Wednesday, July 23, 2014

girl trouble

Hollywood churned out romantic comedies by the dozens in the 1930s and 1940s. Wacky heiresses, bumbling suitors, and their faithful sidekicks made up most of the casts, along with some situational impediments to romance until the final few minutes. 1942's Girl Trouble, starring Joan Bennett and Don Ameche, is one of the genre's lighter, fluffier entires, but it is good fun all the same. ...

Pedro may be unimpressed with June's work ethic, as she picks up the wrong suit from the cleaners, and doesn't seem to spend much time dusting or mopping, doing anything else, but he is no snob, and quickly proceeds to fall in love with her. Complications arrive in the form of a trouble-making friend of June's (Helene Reynolds), and a tire mogul, Mr. Flint (Frank Craven), who wants to cut corners and use a rubber substitute instead of Pedro's rubber in his tires. Film buffs will recognize Billie Burke, Glinda the Good Witch from The Wizard of Oz, in a small but amusing role as June's daffy friend Mrs. Rowland.


You can read my complete review on Cinema Sentries.

Tuesday, July 22, 2014

scanning the horizon

Trying to keep things in perspective ...



Monday, July 21, 2014

vicious is viciously funny

I have been enjoying the heck out of Vicious, the Ian McKellen, Derek Jacobi sitcom airing on public television. We are already halfway through its six episode first season.

McKellen and Jacobi are Freddie and Stuart, an elderly gay couple who have been together for 48 years. The pair bicker constantly and caustically and share a dog, Balthasar, who the audience never sees, but the pair occasionally checks on to see if he is still breathing. Freddie is an actor who has never had much success, but is constantly reminiscing about his career. Stuart is his long-suffering partner, who still hasn't told his aged mother about Freddie being more than just his "roommate." In a recent interview with Entertainment Weekly McKellen pointed out the essence of the comedy, "Probably the most remarkable thing about them is not that they’re gay, but that they’ve been together for 50 years."

Freddie (Ian McKellen) and Stuart (Derek Jacobi) share a cuppa

Like all classic apartment sitcoms, Freddie and Stuart's apartment is a way-station for their friends and neighbors, most frequently in the form of Violet (Frances de la Tour), who flirts relentlessly and fruitlessly with their other regular visitor, their young upstairs neighbor Ash (Iwan Rheon). The series has an old-school feel. Jacobi's character at times calls to mind John Inman's Mr. Humphries of Are You Being Served fame. It is interesting to watch Jacobi trading barbs here on PBS on one night while the station is also running the latest season of the more dramatic Last Tango in Halifax.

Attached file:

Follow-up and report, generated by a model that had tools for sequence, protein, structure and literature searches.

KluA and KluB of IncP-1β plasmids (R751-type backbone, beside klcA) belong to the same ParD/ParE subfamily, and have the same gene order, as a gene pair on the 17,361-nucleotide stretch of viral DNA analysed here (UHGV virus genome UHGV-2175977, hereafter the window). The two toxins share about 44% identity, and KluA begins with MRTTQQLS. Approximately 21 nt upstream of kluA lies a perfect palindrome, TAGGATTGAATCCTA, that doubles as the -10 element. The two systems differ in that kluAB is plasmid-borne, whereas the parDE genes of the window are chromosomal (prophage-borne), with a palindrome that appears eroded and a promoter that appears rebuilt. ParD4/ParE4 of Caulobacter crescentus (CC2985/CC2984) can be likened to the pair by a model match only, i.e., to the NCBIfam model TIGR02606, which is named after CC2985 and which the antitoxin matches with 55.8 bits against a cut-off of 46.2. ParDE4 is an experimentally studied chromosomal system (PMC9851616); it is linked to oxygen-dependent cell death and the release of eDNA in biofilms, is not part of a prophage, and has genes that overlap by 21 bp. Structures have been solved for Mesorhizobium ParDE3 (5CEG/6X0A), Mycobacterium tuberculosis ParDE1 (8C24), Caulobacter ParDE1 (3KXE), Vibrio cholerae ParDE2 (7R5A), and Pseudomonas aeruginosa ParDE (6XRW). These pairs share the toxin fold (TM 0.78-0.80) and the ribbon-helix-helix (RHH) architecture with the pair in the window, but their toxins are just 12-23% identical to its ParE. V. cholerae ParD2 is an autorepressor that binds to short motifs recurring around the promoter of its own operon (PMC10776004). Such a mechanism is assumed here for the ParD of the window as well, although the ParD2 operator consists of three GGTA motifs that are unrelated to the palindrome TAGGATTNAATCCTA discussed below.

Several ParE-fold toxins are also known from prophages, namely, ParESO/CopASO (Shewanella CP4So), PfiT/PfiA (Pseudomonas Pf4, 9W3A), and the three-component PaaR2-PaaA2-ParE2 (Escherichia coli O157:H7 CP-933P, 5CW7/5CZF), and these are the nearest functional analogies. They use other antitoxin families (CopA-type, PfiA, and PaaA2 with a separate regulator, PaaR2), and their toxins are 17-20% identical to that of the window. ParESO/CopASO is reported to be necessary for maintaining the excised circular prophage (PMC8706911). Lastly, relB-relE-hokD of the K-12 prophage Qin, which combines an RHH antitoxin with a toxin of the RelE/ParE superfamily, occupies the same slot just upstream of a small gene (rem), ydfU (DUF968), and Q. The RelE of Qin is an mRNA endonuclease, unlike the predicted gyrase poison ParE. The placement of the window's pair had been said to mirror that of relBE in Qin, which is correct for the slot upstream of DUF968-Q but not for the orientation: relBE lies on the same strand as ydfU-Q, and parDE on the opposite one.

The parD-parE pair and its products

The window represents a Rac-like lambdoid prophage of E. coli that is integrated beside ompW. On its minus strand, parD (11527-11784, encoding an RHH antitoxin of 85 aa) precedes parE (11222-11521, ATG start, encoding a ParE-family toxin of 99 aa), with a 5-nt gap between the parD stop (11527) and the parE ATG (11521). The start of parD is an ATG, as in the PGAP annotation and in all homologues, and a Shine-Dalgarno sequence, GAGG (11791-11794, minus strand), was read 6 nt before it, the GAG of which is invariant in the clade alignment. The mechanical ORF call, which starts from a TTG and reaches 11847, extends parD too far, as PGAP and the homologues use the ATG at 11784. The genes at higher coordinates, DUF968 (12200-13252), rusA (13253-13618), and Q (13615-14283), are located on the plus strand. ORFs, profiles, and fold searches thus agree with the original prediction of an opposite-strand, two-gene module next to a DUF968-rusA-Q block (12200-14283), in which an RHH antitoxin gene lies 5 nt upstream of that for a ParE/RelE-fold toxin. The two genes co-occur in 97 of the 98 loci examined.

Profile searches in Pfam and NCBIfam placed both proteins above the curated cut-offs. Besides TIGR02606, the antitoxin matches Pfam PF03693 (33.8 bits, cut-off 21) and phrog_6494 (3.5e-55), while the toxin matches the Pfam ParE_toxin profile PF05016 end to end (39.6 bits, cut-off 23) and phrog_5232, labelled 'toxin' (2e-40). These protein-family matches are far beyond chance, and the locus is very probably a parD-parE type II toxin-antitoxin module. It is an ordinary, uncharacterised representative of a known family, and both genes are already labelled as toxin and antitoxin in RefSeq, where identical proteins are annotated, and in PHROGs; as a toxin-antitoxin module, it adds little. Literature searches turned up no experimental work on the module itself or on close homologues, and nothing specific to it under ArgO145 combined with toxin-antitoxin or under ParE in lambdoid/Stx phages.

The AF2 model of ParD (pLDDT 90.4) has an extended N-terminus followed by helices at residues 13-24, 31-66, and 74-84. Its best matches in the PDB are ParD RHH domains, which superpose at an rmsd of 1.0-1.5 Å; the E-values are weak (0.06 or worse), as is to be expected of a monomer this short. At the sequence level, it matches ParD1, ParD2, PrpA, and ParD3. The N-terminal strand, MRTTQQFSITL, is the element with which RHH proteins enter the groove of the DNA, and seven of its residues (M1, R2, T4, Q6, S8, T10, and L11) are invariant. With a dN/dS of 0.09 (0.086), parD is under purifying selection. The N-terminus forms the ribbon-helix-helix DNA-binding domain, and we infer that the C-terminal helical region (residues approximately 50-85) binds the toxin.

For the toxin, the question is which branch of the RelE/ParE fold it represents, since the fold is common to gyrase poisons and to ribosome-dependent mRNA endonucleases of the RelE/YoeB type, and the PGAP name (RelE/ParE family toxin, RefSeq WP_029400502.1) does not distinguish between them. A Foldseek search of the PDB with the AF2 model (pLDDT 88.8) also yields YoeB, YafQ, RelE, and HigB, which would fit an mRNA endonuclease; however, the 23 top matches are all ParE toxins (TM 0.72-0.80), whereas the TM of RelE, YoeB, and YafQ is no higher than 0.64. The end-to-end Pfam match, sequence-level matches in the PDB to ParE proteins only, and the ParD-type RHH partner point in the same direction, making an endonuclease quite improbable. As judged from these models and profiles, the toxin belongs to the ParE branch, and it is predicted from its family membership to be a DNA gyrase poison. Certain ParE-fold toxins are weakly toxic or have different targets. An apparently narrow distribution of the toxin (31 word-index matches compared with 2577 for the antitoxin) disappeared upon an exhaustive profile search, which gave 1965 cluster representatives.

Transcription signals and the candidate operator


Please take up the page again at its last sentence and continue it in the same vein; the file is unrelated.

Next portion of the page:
ian mckellen vicious derek jacobi my rubbish gif my other ian mckellen vicious derek jacobi my rubbish gif my other
ian mckellen vicious derek jacobi my rubbish gif my other ian mckellen vicious derek jacobi my rubbish gif my other

In the first episode of Vicious we are introduced to the couple, who are remembering an old friend who has recently passed away. They hold a wake in his memory, but spend most of the evening trying to impress their young and handsome new neighbor Ash — and determine whether he is gay or straight. By the second episode Ash is on good enough terms with the older pair to confide his troubles with in on-again, off-again girlfriend. The couple may trade vicious barbs, but also make sacrifices for one another, Ash discovers, as he becomes impressed with Stuart, who has taken a part-time job in a shop to earn enough money to buy Freddie a new overcoat.  The most recent episode was a blast, as it gave McKellen an opportunity to teach Ash about acting — in a horrible, hammy way — as he was preparing for an audition as Cook Staff #4 on “Downton Abbey.” Jacobi also missed no chance to steal every scene he was in, with some great physical and verbal comedy.

Freddie goes over his script with Ash (Iwan Rheon)

Jacobi and McKellen are working in a typical sitcom format, but their characters' fearless attacks, whether trained on themselves or anyone who happens to be in their general vicinity, take their campy insults to another level. Frances de la Tour makes the audience cringe with her single entendres as much as poor Ash, while still making Violet likable. It is especially nice to see Iwan Rheon in a part where he can be not only funny and cute but a nice guy — quite a change from his creeptastic performance as Ramsay Bolton on Game of Thrones.

A second series has been confirmed, which is good news for viewers both here and abroad.

Friday, July 18, 2014

favorite song friday: bobby womack

Bobby Womack passed away on June 27. The versatile Womack wrote and performed music in many genres, including soul, rock, gospel, R&B, and even country. He worked with artists as diverse as Sam Cooke and the Gorillaz.

Probably his best known song, and one of my personal favorites, was "Across 110th Street," but Womack covered also recorded an interesting cover of "California Dreamin'" and wrote the Rolling Stones' hit "It's All Over Now." Quentin Tarantino gave "Across 110th Street" another life when he featured it in his film Jackie Brown.

Here he is performing "Across 110th Street" on Later with Jools Holland. And here's a link to a nice profile from the BBC.

RIP Bobby.